If you do, you'll still have a better phone than nearly every Android device in circulation, and you'll get that 120Hz.

iPhone 15 and iPhone 15 Plus review - Cameras



After numerous years of a 12 megapixel image capture element being the standard for Apple's camera system on the non-Pro iPhone models, Apple has finally given the iPhone 15 a much-needed upgrade. It's still a dual-camera system, but it's capable of more than 12MP.

Cameras on iPhone 15
iPhone 15 review: Cameras on iPhone 15



The Main camera now uses a 48-megapixel sensor with an f/1.6 aperture, sensor-shift optical image stabilization, and 100% Focus Pixel usage. To users, that means it is capable of four times the resolution for an image, but it also has other tricks up its sleeve.

iPhone 14 (left) and iPhone 15 (right) at 2X zoom
iPhone 15 review: iPhone 14 (left) and iPhone 15 (right) at 2X zoom



For example, Apple can use the 48-megapixel sensor to create a 12-megapixel Telephoto-equivalent shot, simply by cropping the image to the center pixel pile. In effect, it simulates a third Telephoto sensor with a 2x "optical zoom."

Camera app
The iPhone's camera app



The default camera output is 24-megapixel HEIF, balancing efficiency and post-processing image control with the system picking and choosing what pixels to use and/or combine. This in theory gives a wider dynamic range, than using the whole sensor generating a 48-megapixel image with an extended dynamic range algorithm.

The Ultra Wide sensor is 12MP with an f/2.4 aperture and 120-degree field of view as usual, complete with a 2x optical zoom out. That gives the camera system an overall optical zoom range of 4x and a digital zoom of up to 10x.

Of course, you get your usual camera add-ons like True Tone flash, Deep Fusion and Photonic Engine computational photography elements, Smart HDR5, Portrait Lighting, and Photographic Styles.

Snapping a photo of Brooklyn with the iPhone 15
iPhone 15 review: Snapping a photo of Brooklyn with iPhone 15



While Apple's prowess with computational photography has kept it at the top of the pile photographically-speaking, sticking to the 12MP sensor can only go so far. Ultimately, the switch to 48MP for the Main camera is a big selling point for Apple's mid-range 2023 iPhone.

Sample image from iPhone 15
iPhone 15 review: Sample image from iPhone 15



What Apple provides in its Camera app will be fine for just about anybody looking at an iPhone 15 instead of an iPhone 15 Pro. If it isn't, there are third party apps for more granular shooting and processing control than Apple allows as a default.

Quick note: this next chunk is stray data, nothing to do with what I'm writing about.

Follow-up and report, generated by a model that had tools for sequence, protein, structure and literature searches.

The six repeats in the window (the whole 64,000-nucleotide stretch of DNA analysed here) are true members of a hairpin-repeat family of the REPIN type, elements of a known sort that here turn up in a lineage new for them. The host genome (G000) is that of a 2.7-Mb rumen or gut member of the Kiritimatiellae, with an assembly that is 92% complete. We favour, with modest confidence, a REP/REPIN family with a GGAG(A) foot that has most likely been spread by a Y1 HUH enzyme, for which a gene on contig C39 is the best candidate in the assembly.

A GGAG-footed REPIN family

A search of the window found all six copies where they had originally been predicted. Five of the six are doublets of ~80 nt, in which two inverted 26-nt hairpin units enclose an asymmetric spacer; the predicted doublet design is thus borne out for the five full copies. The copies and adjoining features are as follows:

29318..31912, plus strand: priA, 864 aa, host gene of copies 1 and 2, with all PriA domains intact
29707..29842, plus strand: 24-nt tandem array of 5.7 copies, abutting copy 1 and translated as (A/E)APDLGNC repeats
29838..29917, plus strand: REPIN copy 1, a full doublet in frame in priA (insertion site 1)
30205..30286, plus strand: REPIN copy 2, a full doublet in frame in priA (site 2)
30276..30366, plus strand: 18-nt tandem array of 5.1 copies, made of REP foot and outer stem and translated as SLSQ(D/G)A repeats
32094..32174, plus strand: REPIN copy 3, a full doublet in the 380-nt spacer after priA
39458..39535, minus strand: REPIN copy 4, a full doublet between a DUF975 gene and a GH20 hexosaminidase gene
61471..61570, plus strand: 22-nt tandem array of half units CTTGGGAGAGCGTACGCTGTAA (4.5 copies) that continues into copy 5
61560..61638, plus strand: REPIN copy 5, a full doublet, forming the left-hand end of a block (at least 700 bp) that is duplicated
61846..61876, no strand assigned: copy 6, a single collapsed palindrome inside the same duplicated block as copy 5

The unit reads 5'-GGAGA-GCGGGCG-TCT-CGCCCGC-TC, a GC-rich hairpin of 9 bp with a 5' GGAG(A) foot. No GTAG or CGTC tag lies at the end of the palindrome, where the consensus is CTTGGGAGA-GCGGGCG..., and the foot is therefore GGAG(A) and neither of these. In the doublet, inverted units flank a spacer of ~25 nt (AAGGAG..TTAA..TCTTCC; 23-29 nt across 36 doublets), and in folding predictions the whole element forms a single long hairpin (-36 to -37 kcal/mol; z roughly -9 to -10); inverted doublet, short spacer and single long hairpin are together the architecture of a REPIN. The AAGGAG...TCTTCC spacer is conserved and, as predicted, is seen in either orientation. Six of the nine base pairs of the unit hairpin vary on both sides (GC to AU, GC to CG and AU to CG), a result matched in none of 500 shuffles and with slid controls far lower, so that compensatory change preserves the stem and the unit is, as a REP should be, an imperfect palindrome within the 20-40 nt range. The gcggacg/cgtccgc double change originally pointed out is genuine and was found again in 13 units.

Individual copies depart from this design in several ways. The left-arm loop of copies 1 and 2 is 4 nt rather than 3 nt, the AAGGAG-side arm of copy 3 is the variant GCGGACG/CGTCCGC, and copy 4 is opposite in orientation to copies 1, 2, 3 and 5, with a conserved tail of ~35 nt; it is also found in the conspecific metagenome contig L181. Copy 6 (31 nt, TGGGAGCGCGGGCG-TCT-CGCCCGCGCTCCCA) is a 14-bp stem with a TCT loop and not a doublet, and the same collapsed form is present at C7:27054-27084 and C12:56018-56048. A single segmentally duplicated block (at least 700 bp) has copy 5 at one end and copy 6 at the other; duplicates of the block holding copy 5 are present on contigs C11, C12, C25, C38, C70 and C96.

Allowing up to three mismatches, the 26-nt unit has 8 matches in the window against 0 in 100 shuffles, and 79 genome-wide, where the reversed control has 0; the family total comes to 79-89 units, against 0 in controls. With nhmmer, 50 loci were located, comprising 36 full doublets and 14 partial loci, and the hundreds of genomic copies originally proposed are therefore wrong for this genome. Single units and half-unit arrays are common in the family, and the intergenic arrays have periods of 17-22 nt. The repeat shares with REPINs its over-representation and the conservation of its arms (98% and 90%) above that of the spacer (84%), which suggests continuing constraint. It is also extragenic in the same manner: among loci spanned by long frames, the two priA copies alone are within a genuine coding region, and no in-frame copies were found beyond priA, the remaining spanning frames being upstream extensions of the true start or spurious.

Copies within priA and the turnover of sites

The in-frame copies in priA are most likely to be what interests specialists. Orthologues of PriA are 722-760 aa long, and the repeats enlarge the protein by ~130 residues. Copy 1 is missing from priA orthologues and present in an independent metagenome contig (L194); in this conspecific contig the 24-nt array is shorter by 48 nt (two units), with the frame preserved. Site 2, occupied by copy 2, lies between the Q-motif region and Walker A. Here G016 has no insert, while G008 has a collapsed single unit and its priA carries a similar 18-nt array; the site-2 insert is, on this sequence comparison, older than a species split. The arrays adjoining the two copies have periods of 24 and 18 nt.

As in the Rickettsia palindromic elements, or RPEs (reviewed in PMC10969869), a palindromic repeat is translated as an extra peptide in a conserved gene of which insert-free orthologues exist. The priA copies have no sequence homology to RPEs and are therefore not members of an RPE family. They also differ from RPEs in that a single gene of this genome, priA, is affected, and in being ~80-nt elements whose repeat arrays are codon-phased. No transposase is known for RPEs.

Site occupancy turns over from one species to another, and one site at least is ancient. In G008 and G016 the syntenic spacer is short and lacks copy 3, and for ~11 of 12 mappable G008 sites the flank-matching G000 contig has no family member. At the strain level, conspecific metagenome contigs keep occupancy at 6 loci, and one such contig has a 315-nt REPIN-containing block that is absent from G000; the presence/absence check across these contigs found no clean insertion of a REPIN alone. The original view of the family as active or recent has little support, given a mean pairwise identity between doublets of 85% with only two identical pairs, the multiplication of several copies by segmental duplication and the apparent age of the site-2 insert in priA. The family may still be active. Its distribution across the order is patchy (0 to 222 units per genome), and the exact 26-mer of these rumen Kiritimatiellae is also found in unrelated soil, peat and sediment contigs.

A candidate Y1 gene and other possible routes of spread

The front continues to use the 12MP TrueDepth camera, which has all of the usual capabilities, including facial mapping for use with Face ID for security.

iPhone 15 and iPhone 15 Plus - Performance



In 2022, Apple's "upgrade" for the iPhone 14 and Plus was not a new chip, but a (slightly) better one. Rather than join the Pro lineup in using the A16 Bionic, The version Apple went with was taken from the iPhone 13 Pro, giving it an extra GPU core.

One year later, and it's evident that Apple is now going down the route of providing the iPhone the previous year's Pro version of the A16 Bionic.

That means you're getting the same six-core CPU with two performance and four efficiency cores as the 2022 Pro models. Those performance cores also use 20% less power than the A15 counterparts.

Reading on iPhone 15
Reading on iPhone 15



The five-core GPU now has 50% more memory bandwidth than the A15 to improve gaming. Meanwhile the 16-core Neural Engine is now capable of close to 17 trillion operations per second.

Since we're talking about a chip from a year-ago Pro model iPhone rather than something brand new, we have a pretty good idea of how powerful the iPhone 15 is in real-world usage, and in benchmarks. GeekBench 6 benchmarks bore out what we were expecting.

Single-core iPhone 15 vs iPhone 14 benchmarks, GeekBench 6
iPhone 15 review: Single-core iPhone 15 vs iPhone 14 benchmarks, GeekBench 6



The improvements versus the two chips are clear single-core. They're even clearer when all the cores are utilized.

Multiple core iPhone 15 vs iPhone 14 benchmarks, GeekBench 6
iPhone 15 review: Multiple core iPhone 15 vs iPhone 14 benchmarks, GeekBench 6



This is all fine and good. The new phone is faster than the one a year ago, as expected.

Still, though, this is mostly a useless and overly-specific metric for the ultimate target market of the iPhone 15. In September 2023, the iPhone 15 Pro is being bought in droves, and with a significant number of those going to every-year upgraders.